He says he's an honor student in high school. He likes mountain biking, car racing and computers.
He is also the publisher of the "Destruction & Terrorization Page" on the World Wide Web, which, among others things, purports to give directions for making dynamite, a "Drano bomb" and even an atomic bomb.
I found the site while researching an incident involving two Lincoln boys, ages 12 and 15, who police say made a Drano bomb with instructions downloaded from the Internet.
Police say the boys put the bomb, made with common household chemicals, in the gas filler pipe of a Pawtucket man's car in April. The state fire marshal removed the device without incident. The two youths have been charged with fourth-degree arson.
Bomb-making instructions can be found on the Internet from a variety of sources, but I wondered who might be behind the Drano bomb recipe and what he might think about the Lincoln incident.
To my surprise, the author, who calls himself "Kidd Wikkid," responded to my e-mail.
"Anyone who is stupid enough to try one of those things should be put in jail," he wrote. "I'm only 16 myself, and anyone with half a brain would know that that is moronic."
He said he didn't write any of the directions (he probably got them from a bulletin board or elsewhere on the Internet, he said) and wouldn't try them himself - "Sorry, I don't want a small bomb blowing up in my hand."
We exchanged several messages by e-mail - he didn't want to speak by phone - and I asked him what his point is in publishing his terror and destruction page.
"No point really, it was not really something I thought would be taken seriously, and well, there is no law against distributing information."
It isn't illegal to distribute such information in the United States, though there have been attempts to make it so.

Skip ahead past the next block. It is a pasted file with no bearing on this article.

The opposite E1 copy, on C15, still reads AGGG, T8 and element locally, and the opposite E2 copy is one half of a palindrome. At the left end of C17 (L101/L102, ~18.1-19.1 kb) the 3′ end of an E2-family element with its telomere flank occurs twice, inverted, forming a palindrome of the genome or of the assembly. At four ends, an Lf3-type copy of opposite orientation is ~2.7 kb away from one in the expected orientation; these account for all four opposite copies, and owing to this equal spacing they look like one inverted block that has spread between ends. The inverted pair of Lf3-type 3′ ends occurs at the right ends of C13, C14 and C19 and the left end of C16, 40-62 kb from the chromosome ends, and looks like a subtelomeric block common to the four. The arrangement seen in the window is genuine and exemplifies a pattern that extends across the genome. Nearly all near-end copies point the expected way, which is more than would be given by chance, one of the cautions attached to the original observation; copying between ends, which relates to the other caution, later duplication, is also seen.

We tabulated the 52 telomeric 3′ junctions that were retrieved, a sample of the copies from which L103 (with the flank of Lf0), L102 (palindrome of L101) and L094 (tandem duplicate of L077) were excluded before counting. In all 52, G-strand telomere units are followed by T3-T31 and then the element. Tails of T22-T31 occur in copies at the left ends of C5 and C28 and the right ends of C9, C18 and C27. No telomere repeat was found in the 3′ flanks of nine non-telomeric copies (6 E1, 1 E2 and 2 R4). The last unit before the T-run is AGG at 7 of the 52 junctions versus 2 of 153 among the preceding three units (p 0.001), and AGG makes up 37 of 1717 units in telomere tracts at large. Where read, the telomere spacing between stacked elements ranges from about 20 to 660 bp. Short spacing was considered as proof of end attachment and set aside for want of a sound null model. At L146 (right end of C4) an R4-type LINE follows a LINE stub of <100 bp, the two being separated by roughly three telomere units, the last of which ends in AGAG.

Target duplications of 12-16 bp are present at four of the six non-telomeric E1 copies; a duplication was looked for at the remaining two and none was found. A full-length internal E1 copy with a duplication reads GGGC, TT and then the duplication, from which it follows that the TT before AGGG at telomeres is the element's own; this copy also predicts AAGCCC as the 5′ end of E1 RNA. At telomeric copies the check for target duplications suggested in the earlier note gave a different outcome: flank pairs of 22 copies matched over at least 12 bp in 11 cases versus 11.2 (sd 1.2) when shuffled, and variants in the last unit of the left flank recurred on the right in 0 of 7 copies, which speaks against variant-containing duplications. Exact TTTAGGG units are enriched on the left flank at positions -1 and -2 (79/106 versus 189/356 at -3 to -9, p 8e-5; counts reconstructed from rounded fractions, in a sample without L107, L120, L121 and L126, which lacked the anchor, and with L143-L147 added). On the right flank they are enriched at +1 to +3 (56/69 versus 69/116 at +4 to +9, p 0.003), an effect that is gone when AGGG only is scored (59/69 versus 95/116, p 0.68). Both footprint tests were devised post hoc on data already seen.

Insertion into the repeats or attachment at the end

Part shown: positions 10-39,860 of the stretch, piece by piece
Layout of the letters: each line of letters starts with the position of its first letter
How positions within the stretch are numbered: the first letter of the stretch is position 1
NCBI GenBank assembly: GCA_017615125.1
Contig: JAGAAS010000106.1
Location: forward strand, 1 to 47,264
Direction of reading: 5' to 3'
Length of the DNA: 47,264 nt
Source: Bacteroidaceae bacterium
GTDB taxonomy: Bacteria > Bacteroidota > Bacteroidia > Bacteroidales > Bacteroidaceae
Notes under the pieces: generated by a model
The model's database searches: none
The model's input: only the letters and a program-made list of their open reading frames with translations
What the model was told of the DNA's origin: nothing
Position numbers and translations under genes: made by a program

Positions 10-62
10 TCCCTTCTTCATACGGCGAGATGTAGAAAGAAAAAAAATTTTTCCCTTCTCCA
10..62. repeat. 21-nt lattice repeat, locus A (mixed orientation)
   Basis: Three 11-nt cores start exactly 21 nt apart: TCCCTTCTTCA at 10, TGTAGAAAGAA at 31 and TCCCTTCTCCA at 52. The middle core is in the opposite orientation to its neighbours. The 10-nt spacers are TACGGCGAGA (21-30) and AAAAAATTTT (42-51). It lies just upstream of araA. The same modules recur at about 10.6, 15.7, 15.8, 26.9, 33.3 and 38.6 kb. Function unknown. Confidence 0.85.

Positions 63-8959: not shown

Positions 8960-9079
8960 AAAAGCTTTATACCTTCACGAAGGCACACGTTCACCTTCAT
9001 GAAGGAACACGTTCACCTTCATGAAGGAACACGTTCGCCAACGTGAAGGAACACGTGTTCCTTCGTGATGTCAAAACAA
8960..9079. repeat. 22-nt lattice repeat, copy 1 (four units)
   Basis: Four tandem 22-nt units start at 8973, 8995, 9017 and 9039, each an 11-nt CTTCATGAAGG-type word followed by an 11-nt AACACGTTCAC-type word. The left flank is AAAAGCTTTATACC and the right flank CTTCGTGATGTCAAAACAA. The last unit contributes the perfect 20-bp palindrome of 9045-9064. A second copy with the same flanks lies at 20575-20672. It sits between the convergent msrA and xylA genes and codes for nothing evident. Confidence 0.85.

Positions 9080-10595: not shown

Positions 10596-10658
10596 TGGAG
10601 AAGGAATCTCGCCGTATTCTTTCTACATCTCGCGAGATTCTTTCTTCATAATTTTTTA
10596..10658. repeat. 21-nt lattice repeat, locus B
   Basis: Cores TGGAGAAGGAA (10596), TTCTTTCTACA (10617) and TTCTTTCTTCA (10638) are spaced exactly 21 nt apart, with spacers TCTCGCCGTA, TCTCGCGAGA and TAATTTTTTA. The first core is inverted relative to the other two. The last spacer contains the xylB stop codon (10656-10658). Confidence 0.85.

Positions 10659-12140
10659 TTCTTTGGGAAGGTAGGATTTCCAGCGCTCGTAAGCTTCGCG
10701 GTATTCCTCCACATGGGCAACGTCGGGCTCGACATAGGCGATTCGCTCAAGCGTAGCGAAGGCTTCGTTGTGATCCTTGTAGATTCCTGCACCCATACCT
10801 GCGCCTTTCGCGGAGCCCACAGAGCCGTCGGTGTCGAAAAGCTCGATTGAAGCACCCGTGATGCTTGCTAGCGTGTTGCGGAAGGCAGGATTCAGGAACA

Debates about the legality of publishing bomb-making information go back at least as far as 1979, when The Progressive, a small magazine based in Madison, Wis., published "The H-bomb secret, How we got it -- why we're telling it."
More recently, Sen. Dianne Feinstein, D-Calif., introduced a measure that would have made it illegal to distribute bomb-making information by anyone who intends or knows it will be used to commit a crime. That amendment passed in the Senate, but died in the House. A spokeswoman says that Feinstein will push for the amendment again.
But Kidd Wikkid wasn't right about his bomb instructions not being taken seriously, at least by the boys involved in the Lincoln incident.
To that, he says, he bears no responsibility.
"One way or another, they probably would have done something, whether it be try and make a carbomb or a pipebomb or whatever, my page didn't make the decision for them. If you were handed a knife, would that mean you should stab someone?"
The destruction page is one illustration of the unique character of the Internet, which provides virtually anyone with a printing press and a potential audience of millions. It gives voice to people who would otherwise never be heard from.
The cacophony of words and ideas can be deafening. It can also be frightening, especially when those ideas are about terror and destruction and come from an unlikely source, such as a 16-year-old high school student.
Still, we should resist the urge to ban some of the ideas found on the Internet, say civil liberties advocates.
Mike Godwin, staff attorney for the Electronic Freedom Foundation, put it this way in a recent interview:
"People sometimes think very reflexively: `Well we should have a law . . . .' It's because we are in this weird, transitional generation between people who never had this technology and people who will have grown up with it. Those of us who in this transition are trying to adapt, but change is scary."
Regardless of where you stand on bomb-making legislation, one point seems indisputable: Any such attempt will be futile because the Internet's tentacles reach throughout the world.
Web pages stored anywhere on the Internet can be accessed in the United States. In fact, the Destruction & Terrorization Page with the Drano bomb recipe sits on a computer in Aldergrove, British Columbia, Canada. That's only three miles from the U.S. border, but well beyond the reach of U.S. laws.
Computer calendarSaturday -- InteleCom Data Systems, a local Internet service provider, is hosting a free "Internet cookout" at Goddard Park in Warwick, beginning at 11 a.m. "We will have food, music, volleyball and whatever else happens to be required, but we will be leaving the computers home for the day," says the public invitation. Mike Hall of IDS asks that you sign up if you plan to attend. He can be reached at 885-4243, by e-mail at email@example.com or you can sign up via the Web at http://indy.ids.net/new/news/stories/207104533.html
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